FOUR MUST-HAVE BOXES ON YOUR MEDICAL CHECK-UP CHECKLIST
B.K.S. Iyengar says “Health is a state of complete harmony of the body, mind and spirit. When one is free from physical disabilities and mental distractions, the gates of the soul opens”.
It is well known that women are the most vulnerable gender. Women are often faced with work complications, health issues and childbearing. Despite the fact that they are wired to be emotionally strong compared to their male counterparts, they need to be taken adequate care of. We often have a huge to-do list, which invariably includes everything other than our regular health checkup.
Breast cancer examination and Mammograms
Starting at age 20 is a good time. By age 40, you should have a mammogram (an X-ray of the breasts) once a year. “Schedule your mammogram right after your period,”That’s when the breasts are least tender.”
Both types of screening can detect breast cancer when it is confined to the breast. Ninety-seven percent of women diagnosed at this stage survive without a recurrence for at least five years, according to the American Cancer Society.
Every woman should have a mammogram, which screens for breast cancer; It involves compressing the breast between plates so that X-ray images can be captured. There has long been discussion about when and how often a woman should have them, given that the risk for breast cancer increases as you age, and the false positives from frequent screening might do more harm than good.
Pap smear test
After the age of 25, it is always advisable that you visit your Gynecologist periodically and have a complete pelvic examination and a Pap smear test. Cervical cancer is a leading cause of death amongst women globally. However, even after been vaccinated, women above 30 should take this test once in 3 years if consecutive PAP smear results are negative.In this test, a swab is inserted in the vagina and cervical cells are collected, which are then sent for laboratory investigations or microscopic examination. This test is usually advised at 21 years or within 3 years of being sexually active.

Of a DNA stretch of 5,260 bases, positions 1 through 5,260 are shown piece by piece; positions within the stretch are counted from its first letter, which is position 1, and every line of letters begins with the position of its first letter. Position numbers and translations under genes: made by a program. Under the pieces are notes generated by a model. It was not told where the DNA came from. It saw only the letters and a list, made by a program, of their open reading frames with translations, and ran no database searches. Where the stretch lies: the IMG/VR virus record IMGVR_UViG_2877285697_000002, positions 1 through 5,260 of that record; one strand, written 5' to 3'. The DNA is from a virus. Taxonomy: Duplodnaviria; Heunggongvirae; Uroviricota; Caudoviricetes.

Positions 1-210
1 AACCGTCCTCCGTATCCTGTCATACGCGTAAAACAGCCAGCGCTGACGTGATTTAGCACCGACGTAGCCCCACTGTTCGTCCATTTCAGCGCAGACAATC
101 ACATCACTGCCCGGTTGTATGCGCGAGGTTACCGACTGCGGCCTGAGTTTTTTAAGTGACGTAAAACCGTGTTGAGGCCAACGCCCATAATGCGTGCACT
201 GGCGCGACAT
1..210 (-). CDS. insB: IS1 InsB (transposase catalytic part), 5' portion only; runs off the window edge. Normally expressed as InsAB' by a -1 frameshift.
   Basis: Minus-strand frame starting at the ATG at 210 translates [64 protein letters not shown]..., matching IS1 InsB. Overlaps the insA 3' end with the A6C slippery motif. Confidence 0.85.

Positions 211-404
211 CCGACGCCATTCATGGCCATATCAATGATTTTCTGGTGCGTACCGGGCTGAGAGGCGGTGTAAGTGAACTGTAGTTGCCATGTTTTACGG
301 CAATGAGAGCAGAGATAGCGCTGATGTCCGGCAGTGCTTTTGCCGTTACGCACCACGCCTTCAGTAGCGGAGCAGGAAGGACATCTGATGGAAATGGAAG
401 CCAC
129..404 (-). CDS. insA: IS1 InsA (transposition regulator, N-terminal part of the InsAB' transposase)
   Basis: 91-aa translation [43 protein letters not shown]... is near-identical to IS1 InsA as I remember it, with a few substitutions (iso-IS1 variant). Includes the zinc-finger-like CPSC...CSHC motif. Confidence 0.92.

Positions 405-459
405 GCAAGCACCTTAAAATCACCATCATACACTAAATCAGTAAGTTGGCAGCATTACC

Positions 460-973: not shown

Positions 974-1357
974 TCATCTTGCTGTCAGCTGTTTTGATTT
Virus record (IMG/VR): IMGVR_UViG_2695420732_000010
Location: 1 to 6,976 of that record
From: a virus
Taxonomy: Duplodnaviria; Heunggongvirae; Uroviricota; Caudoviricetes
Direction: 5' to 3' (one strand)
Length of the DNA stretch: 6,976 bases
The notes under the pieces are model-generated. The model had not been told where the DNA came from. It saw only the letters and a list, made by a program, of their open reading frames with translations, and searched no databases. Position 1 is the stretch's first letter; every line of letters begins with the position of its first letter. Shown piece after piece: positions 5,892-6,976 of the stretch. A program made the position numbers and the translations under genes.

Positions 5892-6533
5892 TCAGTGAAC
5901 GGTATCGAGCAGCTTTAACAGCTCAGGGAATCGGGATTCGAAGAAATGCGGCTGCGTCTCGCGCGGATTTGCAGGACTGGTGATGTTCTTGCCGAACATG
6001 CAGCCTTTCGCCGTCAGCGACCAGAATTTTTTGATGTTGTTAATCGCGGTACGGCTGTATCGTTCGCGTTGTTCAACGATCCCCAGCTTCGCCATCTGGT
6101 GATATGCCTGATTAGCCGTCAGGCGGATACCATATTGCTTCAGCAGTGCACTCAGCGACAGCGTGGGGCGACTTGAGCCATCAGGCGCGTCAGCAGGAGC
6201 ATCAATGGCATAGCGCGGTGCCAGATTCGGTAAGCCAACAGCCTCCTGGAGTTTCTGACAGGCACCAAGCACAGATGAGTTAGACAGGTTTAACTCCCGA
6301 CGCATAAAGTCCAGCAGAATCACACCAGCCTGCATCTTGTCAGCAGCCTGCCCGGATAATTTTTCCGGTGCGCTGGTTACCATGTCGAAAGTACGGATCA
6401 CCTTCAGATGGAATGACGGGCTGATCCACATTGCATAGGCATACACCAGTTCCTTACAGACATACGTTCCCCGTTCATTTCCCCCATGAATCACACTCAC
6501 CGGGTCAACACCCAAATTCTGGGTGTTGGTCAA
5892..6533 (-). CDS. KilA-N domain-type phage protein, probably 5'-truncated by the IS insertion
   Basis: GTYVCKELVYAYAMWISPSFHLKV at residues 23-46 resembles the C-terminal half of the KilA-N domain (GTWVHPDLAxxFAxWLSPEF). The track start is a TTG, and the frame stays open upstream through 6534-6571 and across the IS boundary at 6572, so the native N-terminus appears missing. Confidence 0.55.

Before going for a Pap smear, avoid having sexual intercourse or using vaginal medications one or two days prior to your appointment. In addition to this, a complete pelvic examination should also be done to look for lumps, growths, and any abnormal discharges.
Blood pressure check
Blood pressure is one of the deadliest killers of the twenty-first century. A diagnosis of hypertension, or high blood pressure, is made if your blood pressure is higher than 140/90. Because high blood pressure can lead to other complications, it should be checked every two years if it’s 120/80 or under. If it’s higher, your doctor may recommend having it checked more often. If you are diagnosed with high blood pressure, you should also be screened for diabetes.
To check your risk for diabetes, doctors check your tolerance for glucose absorption, which means how readily your body digests sugar. Diabetes puts a unique burden on women: Many women get diabetes while pregnant, and it’s dangerous for both mother and baby. And although gestational diabetes goes away in most cases, it raises the risk that you’ll develop regular (type 2) diabetes later in life.
The range for normal tests can vary, but a fasting plasma glucose test reading of 100 mg/dl or higher, indicates that you may be prediabetic, while a reading greater than 126 mg/dl indicates diabetes. If you are obese, or have a family history of diabetes, or are of a race or ethnicity that’s at particular risk, you may want to start earlier and get screened more often. Your doctor can help you strategize.